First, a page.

Leading retail bodies have issued a stark warning over the impact of a no-deal Brexit on shoppers in Ireland and the United Kingdom.
Chiefs of retail bodies have expressed concern that a no-deal Brexit will squeeze household budgets across and lead to reduced availability of some goods.
Aodhan Connolly, director of the Northern Ireland Retail Consortium, Thomas Burke, director of Retail Ireland and William Bain, the British Retail Consortium (BRC) Europe and international policy adviser, say that increased tariffs and new regulatory checks would lead to increases in the cost of making fresh food and drink available to consumers.
They claim these tariffs could see increases of up to 45% on some everyday food items should the UK and the European Union revert to World Trade Organisation tariffs.
The trade bodies also raised concerns over the cost implications of non-tariff barriers such as checks and delays.
Mr Connolly said: “A no-deal Brexit brings tariffs, customs processes, checks and costs which our industry, and Northern Ireland families in particular, cannot afford to absorb.
“Our households already have half of the discretionary income of British households and less than those in the Republic of Ireland. A no-deal Brexit will hit us first and hit us hardest.
“This is not acceptable.
“A hard Brexit means a hard border and the disintegration of supply chains that have been built up over 40 years of EU membership.
“This is not a binary choice for Northern Ireland between trade with the UK and trade with the EU.”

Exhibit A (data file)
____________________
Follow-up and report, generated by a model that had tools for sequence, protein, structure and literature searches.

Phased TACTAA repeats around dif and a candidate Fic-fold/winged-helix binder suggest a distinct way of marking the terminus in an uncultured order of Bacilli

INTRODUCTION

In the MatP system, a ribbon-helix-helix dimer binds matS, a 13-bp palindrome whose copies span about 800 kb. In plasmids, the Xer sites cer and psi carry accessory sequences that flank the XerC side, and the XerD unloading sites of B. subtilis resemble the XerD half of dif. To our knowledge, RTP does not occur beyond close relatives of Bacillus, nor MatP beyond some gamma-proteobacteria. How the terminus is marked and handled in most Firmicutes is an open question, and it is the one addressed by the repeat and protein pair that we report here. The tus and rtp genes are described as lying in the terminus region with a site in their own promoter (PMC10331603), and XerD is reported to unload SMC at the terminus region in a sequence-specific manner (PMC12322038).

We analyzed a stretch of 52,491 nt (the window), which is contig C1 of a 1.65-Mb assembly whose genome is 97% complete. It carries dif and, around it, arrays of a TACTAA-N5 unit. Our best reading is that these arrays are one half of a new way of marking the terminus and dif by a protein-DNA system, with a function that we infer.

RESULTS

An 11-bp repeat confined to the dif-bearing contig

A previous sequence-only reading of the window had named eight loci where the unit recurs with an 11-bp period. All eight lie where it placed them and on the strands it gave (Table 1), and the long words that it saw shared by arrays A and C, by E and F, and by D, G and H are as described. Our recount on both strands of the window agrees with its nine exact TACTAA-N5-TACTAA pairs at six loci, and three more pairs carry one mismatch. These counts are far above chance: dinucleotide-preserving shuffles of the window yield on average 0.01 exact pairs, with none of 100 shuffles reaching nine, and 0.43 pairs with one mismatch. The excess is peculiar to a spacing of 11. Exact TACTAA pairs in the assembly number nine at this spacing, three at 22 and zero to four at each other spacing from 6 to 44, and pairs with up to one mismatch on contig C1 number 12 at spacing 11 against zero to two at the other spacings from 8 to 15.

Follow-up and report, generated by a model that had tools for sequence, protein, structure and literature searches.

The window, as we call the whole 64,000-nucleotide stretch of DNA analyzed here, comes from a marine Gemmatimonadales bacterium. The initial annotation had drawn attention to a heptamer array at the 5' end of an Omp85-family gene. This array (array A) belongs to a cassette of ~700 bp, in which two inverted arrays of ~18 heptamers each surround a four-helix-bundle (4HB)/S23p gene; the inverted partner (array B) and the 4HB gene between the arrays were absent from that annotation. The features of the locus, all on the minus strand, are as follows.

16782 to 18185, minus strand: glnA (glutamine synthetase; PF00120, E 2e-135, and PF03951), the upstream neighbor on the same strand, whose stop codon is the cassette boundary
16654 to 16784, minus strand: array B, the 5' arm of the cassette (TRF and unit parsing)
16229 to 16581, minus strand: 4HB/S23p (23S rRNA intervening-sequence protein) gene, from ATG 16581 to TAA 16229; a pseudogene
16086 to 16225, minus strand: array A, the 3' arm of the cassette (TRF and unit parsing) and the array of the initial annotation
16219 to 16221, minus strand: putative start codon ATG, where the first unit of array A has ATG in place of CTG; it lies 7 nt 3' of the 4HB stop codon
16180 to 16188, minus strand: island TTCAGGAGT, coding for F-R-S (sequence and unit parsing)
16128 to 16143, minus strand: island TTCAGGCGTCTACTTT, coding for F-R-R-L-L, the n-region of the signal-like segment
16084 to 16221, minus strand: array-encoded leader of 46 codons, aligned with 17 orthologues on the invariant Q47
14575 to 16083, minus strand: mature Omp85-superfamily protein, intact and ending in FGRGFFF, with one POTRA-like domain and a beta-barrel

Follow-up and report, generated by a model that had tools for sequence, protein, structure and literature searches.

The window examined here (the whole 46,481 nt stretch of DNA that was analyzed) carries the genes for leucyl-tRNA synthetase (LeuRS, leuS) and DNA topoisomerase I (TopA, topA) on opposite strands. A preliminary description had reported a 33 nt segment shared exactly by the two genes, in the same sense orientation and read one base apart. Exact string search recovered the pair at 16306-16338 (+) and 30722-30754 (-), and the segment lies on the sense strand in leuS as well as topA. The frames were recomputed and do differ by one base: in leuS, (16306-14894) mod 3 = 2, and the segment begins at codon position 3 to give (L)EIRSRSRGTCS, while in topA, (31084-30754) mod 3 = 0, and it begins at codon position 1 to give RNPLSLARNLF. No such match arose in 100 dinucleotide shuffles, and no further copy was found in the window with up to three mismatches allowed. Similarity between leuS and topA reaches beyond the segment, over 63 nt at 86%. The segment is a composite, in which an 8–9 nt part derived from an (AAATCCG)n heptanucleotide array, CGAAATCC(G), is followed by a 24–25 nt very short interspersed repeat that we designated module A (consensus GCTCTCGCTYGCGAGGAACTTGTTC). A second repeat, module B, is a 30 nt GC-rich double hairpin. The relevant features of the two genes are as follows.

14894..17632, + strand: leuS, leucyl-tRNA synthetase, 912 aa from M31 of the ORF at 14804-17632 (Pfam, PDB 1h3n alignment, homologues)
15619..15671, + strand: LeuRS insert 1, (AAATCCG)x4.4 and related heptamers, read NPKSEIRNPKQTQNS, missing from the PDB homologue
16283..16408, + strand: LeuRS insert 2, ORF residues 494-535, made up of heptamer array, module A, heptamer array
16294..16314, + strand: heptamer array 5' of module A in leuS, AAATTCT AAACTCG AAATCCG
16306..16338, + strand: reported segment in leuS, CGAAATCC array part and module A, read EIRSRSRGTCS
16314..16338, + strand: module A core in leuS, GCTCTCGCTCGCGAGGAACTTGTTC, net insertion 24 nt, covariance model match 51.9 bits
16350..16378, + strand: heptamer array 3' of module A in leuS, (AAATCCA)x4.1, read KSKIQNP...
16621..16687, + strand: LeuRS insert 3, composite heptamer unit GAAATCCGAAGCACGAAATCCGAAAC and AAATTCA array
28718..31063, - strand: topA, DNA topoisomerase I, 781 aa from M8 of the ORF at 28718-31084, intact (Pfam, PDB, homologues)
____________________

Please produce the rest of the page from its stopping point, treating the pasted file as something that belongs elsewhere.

Mr Burke, of Retail Ireland, said that a crash Brexit would have devastating economic consequences.
He continued: “However, regardless of the type of Brexit agreed over the coming weeks, retailers will see an increase in their operating costs arising from checks at ports and other supply chain disruption.
“In the current operating environment, these additional costs simply cannot be absorbed and will have to be passed on to consumers in the form of higher prices.
“Our members continue to work hard to plan for all possible eventualities, but the ongoing uncertainty is damaging our industry and impacting our customers.”
Mr Bain said people in Great Britain will see the price of goods from Ireland and Northern Ireland rise.
“Our supply chains are highly integrated, with food ingredients coming from both Ireland and the EU, and 60% of the £2 billion of Northern Ireland agri-food bound for Great Britain crosses the Irish sea via Dublin,” he said.
“This will affect the price of shopping in the Prime Minister’s constituency of Maidenhead in the same way as it will in Belfast or Dublin, with cost rises.”
The retailers called for an end to “brinkmanship and political games”.
“A no-deal outcome would have devastating economic consequences, potentially jeopardising years of positive economic development and integration across the islands of the UK and Ireland,” Mr Bain added.
“It is imperative that this is avoided.”